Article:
OUR ULTIMATE COVID BOOKING GUARANTEE. FIND OUT MORE
Traveling around New York City can be problematic. The trains are a challenge, the traffic congested, and even walking can be difficult. But there is hope, as a raft of new transportation plans emerge on the horizon.
There are several projects underway in New York right now that will change the way people navigate the city. Some are further along than others, but all of them have the goal of making commuting and traveling more pleasant for everyone.
The New York subway system has been criticized heavily in recent years, and plans to improve it are still being drawn up or executed. Most of those involve heavy maintenance of the existing lines rather than grand openings of new ones. But there are some projects that will be more visible than behind the scenes infrastructure changes.
Current subway cars are old, run-down, and almost always extremely crowded. The Metropolitan Transportation Authority (MTA) that runs New York’s subways, announced in 2016 it would be bringing in centipede-like subway cars that have no doors and should improve capacity by up to 10%. New York hopes to test prototypes of the new cars by 2020. Similar subway cars are used already in Toronto and Paris.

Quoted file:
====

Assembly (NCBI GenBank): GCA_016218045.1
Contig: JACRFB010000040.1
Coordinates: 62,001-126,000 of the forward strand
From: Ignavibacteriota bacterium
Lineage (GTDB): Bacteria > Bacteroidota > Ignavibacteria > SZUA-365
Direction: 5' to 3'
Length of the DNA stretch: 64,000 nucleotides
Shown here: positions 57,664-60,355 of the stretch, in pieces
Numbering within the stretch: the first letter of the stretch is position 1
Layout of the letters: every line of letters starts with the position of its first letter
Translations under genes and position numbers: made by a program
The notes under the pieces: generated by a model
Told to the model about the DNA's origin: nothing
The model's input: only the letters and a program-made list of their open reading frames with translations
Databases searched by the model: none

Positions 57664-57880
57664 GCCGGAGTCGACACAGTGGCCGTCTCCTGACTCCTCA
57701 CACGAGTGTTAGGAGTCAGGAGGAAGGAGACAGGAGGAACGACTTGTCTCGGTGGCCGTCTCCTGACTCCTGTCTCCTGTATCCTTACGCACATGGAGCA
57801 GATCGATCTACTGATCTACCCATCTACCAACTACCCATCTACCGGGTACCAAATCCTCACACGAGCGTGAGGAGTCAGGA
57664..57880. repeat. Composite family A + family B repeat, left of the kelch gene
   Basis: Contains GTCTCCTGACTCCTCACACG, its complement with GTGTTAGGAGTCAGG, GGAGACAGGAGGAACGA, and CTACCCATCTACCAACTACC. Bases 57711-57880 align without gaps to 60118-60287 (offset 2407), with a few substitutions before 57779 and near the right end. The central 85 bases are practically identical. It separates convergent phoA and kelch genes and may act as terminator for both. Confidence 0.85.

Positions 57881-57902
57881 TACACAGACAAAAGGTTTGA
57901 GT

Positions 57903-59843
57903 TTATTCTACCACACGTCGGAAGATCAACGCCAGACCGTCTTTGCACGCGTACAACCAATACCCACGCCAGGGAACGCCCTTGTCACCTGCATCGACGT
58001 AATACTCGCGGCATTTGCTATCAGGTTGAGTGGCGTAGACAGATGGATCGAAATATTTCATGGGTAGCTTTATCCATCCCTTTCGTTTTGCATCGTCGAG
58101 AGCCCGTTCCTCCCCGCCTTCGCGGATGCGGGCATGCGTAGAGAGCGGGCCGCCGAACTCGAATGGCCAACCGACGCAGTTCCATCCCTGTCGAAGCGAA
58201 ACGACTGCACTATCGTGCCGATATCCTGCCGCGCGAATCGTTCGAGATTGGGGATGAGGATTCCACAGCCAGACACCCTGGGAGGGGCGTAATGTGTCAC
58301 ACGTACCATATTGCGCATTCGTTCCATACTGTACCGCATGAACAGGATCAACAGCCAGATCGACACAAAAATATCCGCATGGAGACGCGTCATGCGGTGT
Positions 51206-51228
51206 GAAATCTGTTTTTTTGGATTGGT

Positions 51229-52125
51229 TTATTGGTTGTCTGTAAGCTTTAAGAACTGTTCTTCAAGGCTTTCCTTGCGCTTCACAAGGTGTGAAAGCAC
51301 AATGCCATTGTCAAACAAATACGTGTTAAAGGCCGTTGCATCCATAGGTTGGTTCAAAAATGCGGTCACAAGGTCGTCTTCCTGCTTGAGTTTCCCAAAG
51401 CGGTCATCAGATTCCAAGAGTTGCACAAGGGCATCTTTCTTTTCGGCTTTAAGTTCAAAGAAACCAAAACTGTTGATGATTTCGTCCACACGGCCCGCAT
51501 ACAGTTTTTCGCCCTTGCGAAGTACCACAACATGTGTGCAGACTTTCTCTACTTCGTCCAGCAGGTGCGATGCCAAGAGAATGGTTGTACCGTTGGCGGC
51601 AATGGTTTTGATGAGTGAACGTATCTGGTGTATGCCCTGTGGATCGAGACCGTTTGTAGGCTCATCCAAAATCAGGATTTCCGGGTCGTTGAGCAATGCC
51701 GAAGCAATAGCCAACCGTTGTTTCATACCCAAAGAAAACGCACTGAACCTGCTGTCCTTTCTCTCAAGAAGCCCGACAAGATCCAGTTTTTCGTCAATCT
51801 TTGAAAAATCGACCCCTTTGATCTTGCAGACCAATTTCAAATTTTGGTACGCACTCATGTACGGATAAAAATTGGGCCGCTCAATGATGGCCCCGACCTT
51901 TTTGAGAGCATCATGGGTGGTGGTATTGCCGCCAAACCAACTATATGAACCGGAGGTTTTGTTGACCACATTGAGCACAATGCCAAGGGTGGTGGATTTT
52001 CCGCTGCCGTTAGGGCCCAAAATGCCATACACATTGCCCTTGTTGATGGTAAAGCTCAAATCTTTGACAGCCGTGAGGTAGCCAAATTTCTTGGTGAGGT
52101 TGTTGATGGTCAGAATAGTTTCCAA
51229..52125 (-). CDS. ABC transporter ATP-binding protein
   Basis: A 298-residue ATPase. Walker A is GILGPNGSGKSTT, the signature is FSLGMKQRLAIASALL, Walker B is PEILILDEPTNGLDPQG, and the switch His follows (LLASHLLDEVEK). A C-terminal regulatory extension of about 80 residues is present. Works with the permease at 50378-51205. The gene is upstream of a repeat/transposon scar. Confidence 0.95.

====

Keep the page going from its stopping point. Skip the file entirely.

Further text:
In another attempt to ease the daily stress put on the subway system, a proposed new rail line would accommodate people who want to travel around New York City without going into Manhattan. The Triboro rail line would be a 24-mile line between Co-op city in the Bronx and Bay Ridge in Brooklyn. This would be an above-ground line, and would connect with subway lines along the way. Estimates indicate that 100,000 people would use the Triboro rail line daily if it were to be built.
There have been other attempts by city officials to make it easier to get from one neighborhood to another. Some areas are woefully underserved by the subway, and ambitious solutions have been put forward. One of these is the Brooklyn-Queens Connector, a proposed 17-mile streetcar that would connect the waterfront neighborhoods on the two boroughs. Real estate companies with property in those areas are unsurprisingly behind the project, as is Mayor Bill de Blasio. However, as of the end of 2017, the project has reportedly hit difficulties, with some saying it’s financially unviable.
At some point in 2019, the L train, which runs across 14th street on Manhattan and to Williamsburg and beyond in Brooklyn, will shut down for maintenance. That’s going to be more than an inconvenience to the thousands of commuters who use it every single day, and has spawned countless possible remedies. One of the more interesting proposals is the East River Skyway, which would involve a high speed gondola shuttling passengers over the river between Manhattan and Brooklyn. This solution has the advantage of being pollution-free, quiet, and quick to build. But whether it gets approved before the L line shuts down remains to be seen.
A lot of these projects have not even been given approval, so will be scant consolation to the commuter stuck waiting for a train in Manhattan. But the future does hold hope for a modernized, diversified travel system in the city, and when it comes, the Big Apple should, hopefully, be much easier navigated.